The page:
Alaska on Monday reported 232 new COVID-19 infections and three deaths, according to the state Department of Health and Human Services.
The deaths, all from death certificate reviews over the past several months, involved a woman from Soldotna and a man and woman from the Yukon-Kuskokwim region. All were 80 or older, state health officials say.
Those three cases mark the first time Alaska is counting probable deaths based on COVID-19 clinical and epidemiological criteria rather than a lab result, officials said in a statement Monday. “Counted deaths include deaths where the medical professional outlines COVID-19 as a part of the logical sequence of causes that led to death.”
That practice puts the state in line with the Council of State and Territorial Epidemiologists’ standards as recommended by the Centers for Disease Control, officials say.
In total, 217 Alaskans and one nonresident with COVID-19 have died since the pandemic reached the state in March. Alaska’s overall death rate per capita is among the lowest in the country, but officials say the state’s vast geography and vulnerable health care system make it difficult to compare with other states.
The state’s daily case counts have dropped from high levels in November and early December when the number of people dying with the virus also rose. The number of hospitalizations related to COVID-19 swelled, spurring Anchorage to move into a monthlong modified hunker down phase during December, after which fewer infections were reported.
The number of virus-related hospitalizations has dropped from high levels in early December. Seventy-five people with COVID-19 were in the hospital Monday and another 14 people in the hospital were suspected to have the virus, the health department said.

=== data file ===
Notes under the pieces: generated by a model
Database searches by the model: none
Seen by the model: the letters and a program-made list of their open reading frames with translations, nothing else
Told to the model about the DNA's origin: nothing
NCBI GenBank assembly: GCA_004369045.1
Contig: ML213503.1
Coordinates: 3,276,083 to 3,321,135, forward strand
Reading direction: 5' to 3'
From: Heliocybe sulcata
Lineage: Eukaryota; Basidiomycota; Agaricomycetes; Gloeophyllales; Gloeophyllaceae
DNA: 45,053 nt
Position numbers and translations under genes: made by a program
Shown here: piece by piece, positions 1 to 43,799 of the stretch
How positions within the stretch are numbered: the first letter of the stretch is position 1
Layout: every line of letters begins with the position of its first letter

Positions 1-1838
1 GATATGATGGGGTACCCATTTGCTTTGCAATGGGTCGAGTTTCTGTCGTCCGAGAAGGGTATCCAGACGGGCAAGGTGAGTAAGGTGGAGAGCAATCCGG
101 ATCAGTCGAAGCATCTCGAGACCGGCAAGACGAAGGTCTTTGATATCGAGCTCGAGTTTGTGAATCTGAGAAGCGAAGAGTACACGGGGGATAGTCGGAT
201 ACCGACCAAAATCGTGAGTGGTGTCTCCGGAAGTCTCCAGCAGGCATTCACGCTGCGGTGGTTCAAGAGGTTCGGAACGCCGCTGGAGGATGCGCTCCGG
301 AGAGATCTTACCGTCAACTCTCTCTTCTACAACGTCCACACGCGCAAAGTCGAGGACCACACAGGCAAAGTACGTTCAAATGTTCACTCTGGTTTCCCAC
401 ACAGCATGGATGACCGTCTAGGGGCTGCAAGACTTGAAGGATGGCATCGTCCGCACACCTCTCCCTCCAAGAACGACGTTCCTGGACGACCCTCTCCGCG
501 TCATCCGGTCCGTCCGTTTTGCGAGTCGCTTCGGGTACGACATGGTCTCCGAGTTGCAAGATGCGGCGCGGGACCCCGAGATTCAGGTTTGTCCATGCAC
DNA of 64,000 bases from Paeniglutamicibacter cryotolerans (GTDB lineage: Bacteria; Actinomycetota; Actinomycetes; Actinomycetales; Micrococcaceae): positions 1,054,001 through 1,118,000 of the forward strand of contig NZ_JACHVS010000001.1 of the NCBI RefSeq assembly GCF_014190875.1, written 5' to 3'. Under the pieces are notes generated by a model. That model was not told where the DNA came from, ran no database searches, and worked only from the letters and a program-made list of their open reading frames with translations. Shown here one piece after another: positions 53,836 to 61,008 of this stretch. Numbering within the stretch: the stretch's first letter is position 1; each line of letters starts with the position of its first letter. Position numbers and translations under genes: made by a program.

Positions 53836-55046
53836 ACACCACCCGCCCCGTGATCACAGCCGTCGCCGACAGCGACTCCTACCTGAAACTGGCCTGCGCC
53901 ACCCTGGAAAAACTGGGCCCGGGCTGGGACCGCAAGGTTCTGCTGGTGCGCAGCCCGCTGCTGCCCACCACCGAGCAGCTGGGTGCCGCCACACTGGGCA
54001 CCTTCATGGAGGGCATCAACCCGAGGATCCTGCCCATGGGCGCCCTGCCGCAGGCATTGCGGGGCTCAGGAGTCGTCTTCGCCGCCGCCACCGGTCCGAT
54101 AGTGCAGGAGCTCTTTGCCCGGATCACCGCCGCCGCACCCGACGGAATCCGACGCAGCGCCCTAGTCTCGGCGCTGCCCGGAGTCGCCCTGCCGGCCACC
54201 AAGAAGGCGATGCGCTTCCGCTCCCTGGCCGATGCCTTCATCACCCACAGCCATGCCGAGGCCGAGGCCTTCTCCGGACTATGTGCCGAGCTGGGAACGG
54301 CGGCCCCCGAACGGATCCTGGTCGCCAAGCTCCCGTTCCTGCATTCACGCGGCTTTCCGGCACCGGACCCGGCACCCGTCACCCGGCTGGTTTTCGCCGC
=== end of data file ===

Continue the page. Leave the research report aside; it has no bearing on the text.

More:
The state continues the early rollout of COVID-19 vaccine. As of Monday 18,266 people had received the vaccination, according to the state’s vaccine dashboard. The people eligible now are generally health care workers. Alaskans 65 and older are next, although the vaccinations will likely begin toward the end of the month.
Of the 227 new infections reported Monday in Alaska residents, there were 81 in Anchorage, plus two in Chugiak, 11 in Eagle River and one in Girdwood; two in Anchor Point, three in Homer, three in Kenai, one in Soldotna and six in Sterling; two in Kodiak; 14 in Fairbanks and four in North Pole; one in Big Lake, 13 in Palmer, 30 in Wasilla, and one in Willow; one in Nome; one in Haines; one in Petersburg; 17 in Bethel; one in Chevak and one in Hooper Bay.
Among communities smaller than 1,000 people not named to protect privacy, there was one in the Copper River area; four in Yukon-Koyukuk Census Area; one in Nome Census Area; two in North Slope Borough; 10 in Bethel Census Area; 12 in Kusilvak Census Area.
There were five cases in nonresidents reported Monday including two in Anchorage and three in people with the location under investigation.
While people might get tested more than once, each case reported by the state health department represents only one person.
It is not clear how many of the people who tested positive for the virus were showing symptoms. The Centers for Disease Control and Prevention estimates about a third of people with COVID-19 are asymptomatic.
The statewide test positivity rate as of Monday was 5.19% over a seven-day average. Health officials say anything above 5% can indicate inadequate testing and widespread community transmission. The state peaked at over 9% positivity in November.
-- Zaz Hollander